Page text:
In the second half of the ninth chapter of A Wizard Alone, Nita unleashes her plan on the Lone One. Intrigued? Then it’s time for Mark to read Young Wizards.
Trigger Warning: For talk of ableism.
Wow. Wow. I don’t know when a book inspired such elation in joy in me like this, BUT HERE WE ARE. Diane Duane wrote a book wherein a black autistic wizard is the smartest, most powerful character WE HAVE LITERALLY EVER SEEN. Not only that, but… well, I’ll get there.
Where do I even start? What do I say about all of this? I feel like the video for this chapter is great for my instantaneous reactions, so I’d like to focus on what this chapter means as a whole. A Wizard Alone is a strange book out of context, and perhaps that’s one of the reasons I’ve enjoyed it so much. I now understand the importance of The Wizard’s Dilemma to the conflict here, and this book is more densely serialized than others in the series. So yes, I’m biased in that regard, but there’s more to this novel than just that. The primary theme of loneliness and friendship is really what’s drawn me in and kept me engaged.
And oh my god, THEY’RE ALL WIZARDS ALONE AT SOME POINT. I’m theorized that in various ways throughout reading that, but it never truly hit me the way it did here. Kit’s link to Darryl’s mind pulled him away from everyone, and he ended up in the mirror trap largely alone. (Yes, Ponch was there, but Kit acted like he was alone.) Nita’s grief consumed her so much that she was left to fend for herself in the midst of a nightmare. And Darryl… my gods, y’all. Darryl is alone by choice. He chose to design that trap after studying the Lone One for months, and he chose to remain in it with the Lone One FOR THE REST OF HIS NATURAL LIFE.
Duane imbues Darryl with innocence, with a purity that is infectious and inescapable. Upon thinking back to this thrilling confrontation with the Lone One, I also noticed how much it was a group effort. Darryl’s innocence and power matters the most, and that’s important. It’s also fantastic that all three of these characters realize just how powerful they are TOGETHER. What would this have been without Nita’s intervention and her incredible knowledge of world kernels? Would Nita have even known what she was experiencing in her dreams if it weren’t for Kit’s explorations into Darryl’s mind? And as the three of them tease and taunt the Lone One, it felt right. These three people deserved to be there. They deserved this victory. No, maybe that’s the wrong word.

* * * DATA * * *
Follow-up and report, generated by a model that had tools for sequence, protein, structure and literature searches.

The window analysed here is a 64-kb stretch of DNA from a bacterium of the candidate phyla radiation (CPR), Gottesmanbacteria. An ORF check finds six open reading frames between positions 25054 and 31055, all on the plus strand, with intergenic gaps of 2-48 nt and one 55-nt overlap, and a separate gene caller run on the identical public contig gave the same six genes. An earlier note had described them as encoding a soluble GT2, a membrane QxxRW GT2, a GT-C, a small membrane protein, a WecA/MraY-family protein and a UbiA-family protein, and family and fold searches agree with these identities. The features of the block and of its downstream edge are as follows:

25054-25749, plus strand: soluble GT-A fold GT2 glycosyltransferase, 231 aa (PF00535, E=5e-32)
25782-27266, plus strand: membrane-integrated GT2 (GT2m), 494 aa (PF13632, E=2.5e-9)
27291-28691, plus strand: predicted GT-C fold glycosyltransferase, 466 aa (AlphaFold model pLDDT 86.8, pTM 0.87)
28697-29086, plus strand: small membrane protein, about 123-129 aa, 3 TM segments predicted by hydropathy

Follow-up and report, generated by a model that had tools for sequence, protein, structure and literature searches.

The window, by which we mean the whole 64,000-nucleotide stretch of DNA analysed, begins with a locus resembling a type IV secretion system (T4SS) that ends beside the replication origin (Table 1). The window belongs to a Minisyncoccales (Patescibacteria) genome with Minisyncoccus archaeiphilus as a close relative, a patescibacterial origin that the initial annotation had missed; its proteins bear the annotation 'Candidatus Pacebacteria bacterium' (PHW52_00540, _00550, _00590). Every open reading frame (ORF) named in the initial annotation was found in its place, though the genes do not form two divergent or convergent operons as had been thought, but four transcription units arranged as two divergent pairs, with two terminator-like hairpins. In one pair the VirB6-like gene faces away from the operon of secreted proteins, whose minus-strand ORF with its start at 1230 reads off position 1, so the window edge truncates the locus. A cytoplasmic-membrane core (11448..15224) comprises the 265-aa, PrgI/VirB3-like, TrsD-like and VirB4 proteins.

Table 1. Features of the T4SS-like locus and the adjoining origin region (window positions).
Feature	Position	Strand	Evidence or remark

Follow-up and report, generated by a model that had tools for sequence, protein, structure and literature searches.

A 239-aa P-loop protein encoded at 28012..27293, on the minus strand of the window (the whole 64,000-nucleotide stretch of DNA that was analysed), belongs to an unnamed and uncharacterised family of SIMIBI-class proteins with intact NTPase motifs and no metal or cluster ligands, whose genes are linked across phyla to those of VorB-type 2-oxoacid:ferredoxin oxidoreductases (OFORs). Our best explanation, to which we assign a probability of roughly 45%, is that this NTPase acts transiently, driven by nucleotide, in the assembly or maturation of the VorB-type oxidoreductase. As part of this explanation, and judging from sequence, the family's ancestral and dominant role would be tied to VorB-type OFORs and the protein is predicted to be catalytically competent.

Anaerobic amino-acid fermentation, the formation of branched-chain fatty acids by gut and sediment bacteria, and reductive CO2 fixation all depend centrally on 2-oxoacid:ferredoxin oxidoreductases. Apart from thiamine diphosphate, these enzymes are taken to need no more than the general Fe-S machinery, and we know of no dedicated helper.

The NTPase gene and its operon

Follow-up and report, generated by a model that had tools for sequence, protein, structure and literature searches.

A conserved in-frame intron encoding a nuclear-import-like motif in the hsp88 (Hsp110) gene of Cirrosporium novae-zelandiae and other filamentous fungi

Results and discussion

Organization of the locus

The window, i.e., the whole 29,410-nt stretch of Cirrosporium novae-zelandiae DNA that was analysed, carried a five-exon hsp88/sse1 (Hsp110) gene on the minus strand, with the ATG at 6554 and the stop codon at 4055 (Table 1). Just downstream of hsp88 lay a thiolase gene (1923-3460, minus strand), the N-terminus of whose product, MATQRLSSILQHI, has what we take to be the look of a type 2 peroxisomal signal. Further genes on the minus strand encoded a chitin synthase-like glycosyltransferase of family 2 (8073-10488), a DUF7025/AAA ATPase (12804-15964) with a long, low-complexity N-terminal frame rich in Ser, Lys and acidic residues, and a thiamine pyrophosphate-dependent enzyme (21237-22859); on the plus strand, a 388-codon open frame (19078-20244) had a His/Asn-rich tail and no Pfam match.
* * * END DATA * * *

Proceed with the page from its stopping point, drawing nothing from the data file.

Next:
They earned it.
After all of this, I get know why Darryl is an abdal and why he’s so important. He traps the Lone One in a manner that is insidiously effective; he substantively contributes to lowering the amount of the Lone One in this part of the solar system; and once he’s given an out, a way to leave this behind, he refuses. That’s why his Ordeal was simply completing the Oath, isn’t it? Darryl’s test was whether or not he could commit to the principles of wizardry. After spending weeks just trying to get to the end of the Oath, those words were burned into his heart, enough that when he promised to stay in his own mind to keep vigilance on the Lone One, he was well aware of how serious it was. I admire that consistency from Duane; she commits to the rules of her world, even if it means that uncomfortable, sad things must happen.
Of course, I’m dancing around the Big Thing in this chapter. If you’ve been reading this site for a decent amount of time, you know that I tire of the trope of stories where disabled people are magically cured. In this book in particular, I braced myself for what I saw as the inevitable: Darryl would use his own kernel to remove his autism. Not only is it an ableist trope, but I worried that it would just be bad writing. If Darryl suddenly stops being autistic, all the wonderful, unique things that got him to the point where he is would be gone. Darryl being autistic isn’t a negative in the world.
And then this happened.
And then he lifted his chin. “No.”
They looked at him.
“No,” Darryl said more strongly. “I’m me. I’m what I’ve got.”
The solitaire analogy he makes works so well, too. This is the hand he’s been dealt by life, and look where it got him. Look who it has made him. Why would he take that away?
I know that these books were edited somewhat for timeline stuff, and I have no idea what else was changed. (It would be cool to know all this stuff once I’m done with the series!) As the text stands, this is one of the very few times I’ve seen this trope rejected, and I’m flat-out never seen it used in this specific manner. Granted, I’ve not read many books with autistic characters, and certainly not any with them as the heroes of the story.
How do others feel about this?
Mark Links Stuff
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